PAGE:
had already identified nine potential sites from which to choose the
    three sites to be characterized for the first repository. On the basis of
    this program configuration, DOE'S estimate of total program costs was
    between $24.7 billion and $28.8 billion (adjusted to constant 1988 dol-
    lars), as shown in table 2.2.

    Since DOE prepared its 1984 cost estimate, several basic program
    changes have occurred. Specifically, for the 1989 cost estimate,

l   DOEassumed that it will characterize only the Yucca Mountain site for
  the first repository and one other site if a second repository is eventu-
  ally developed;
l the projected quantity of wastes to be disposed of, including DOE'S
  defense waste, dropped to about 96,000 MTU;
l the life of the program was extended through 2089; and
q DOE included an MRS facility and benefit payments to host states or
  Indian tribes in its cost estimates.

    Because of the Amendments Act provisions (1) limiting site characteri-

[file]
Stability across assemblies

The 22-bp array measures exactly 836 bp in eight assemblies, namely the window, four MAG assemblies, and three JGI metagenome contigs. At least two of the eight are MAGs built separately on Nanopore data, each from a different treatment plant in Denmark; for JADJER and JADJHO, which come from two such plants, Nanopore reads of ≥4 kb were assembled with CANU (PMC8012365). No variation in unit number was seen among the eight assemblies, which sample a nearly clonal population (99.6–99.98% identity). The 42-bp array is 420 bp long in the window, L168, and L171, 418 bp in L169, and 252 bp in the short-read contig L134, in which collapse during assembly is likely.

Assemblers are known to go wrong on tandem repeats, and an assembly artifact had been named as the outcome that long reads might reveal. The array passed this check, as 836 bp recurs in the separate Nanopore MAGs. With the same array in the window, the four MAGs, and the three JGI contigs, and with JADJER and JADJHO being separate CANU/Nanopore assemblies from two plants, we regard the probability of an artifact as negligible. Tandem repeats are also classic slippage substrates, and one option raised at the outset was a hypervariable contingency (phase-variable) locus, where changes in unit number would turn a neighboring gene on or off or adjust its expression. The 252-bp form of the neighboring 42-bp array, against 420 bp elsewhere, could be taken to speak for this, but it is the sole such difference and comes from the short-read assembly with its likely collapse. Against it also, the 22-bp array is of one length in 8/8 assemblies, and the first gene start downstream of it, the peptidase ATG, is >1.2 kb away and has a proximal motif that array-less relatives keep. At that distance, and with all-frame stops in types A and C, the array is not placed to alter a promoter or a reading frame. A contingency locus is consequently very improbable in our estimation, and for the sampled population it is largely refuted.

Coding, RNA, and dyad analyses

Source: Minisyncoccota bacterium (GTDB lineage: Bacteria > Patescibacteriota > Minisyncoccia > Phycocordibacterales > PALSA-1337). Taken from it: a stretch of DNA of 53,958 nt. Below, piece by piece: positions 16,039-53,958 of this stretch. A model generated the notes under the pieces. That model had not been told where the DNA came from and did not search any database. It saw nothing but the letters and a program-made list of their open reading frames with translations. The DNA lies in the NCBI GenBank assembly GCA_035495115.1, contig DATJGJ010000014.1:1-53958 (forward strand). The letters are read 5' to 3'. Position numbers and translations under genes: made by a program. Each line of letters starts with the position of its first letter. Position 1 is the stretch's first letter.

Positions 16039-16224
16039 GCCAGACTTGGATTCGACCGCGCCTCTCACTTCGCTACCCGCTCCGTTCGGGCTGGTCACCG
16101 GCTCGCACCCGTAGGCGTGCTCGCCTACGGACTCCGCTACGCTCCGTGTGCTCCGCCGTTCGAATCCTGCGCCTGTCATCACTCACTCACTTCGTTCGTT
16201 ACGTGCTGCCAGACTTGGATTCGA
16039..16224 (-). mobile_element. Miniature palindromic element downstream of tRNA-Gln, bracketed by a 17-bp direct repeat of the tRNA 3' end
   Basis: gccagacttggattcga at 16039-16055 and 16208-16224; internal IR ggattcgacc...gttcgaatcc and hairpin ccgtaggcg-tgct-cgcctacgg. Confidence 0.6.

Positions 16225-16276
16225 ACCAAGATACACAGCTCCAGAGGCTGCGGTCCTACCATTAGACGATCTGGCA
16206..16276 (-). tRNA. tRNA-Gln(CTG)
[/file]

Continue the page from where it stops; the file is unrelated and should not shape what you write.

zation to Yucca Mountain, (2) deferring second-repository activities, and
    (3) authorizing an MRS facility, OCRWM reduced the number of scenarios
    for which it made cost estimates from 15 in 1984 to 5 in 1989. DOE’S
    1989 TSLCC analysis est.imates the costs of a waste management system
    with one- and two-repository configurations. In either case, the first

    ‘Projected Costs for Mined Geologic Repositories for Disposal of Commercial Nuclear Wastes (ONI-3,
    Dec. 1982).



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                                                  Chapter 2
                                                  Reliability of Cost Estimates Improving, but
                                                  Major Cost Uncertainties Remain




                                                   repository is assumed to be located at Yucca Mountain. The second
                                                   repository, if developed, would be located at a site that is central to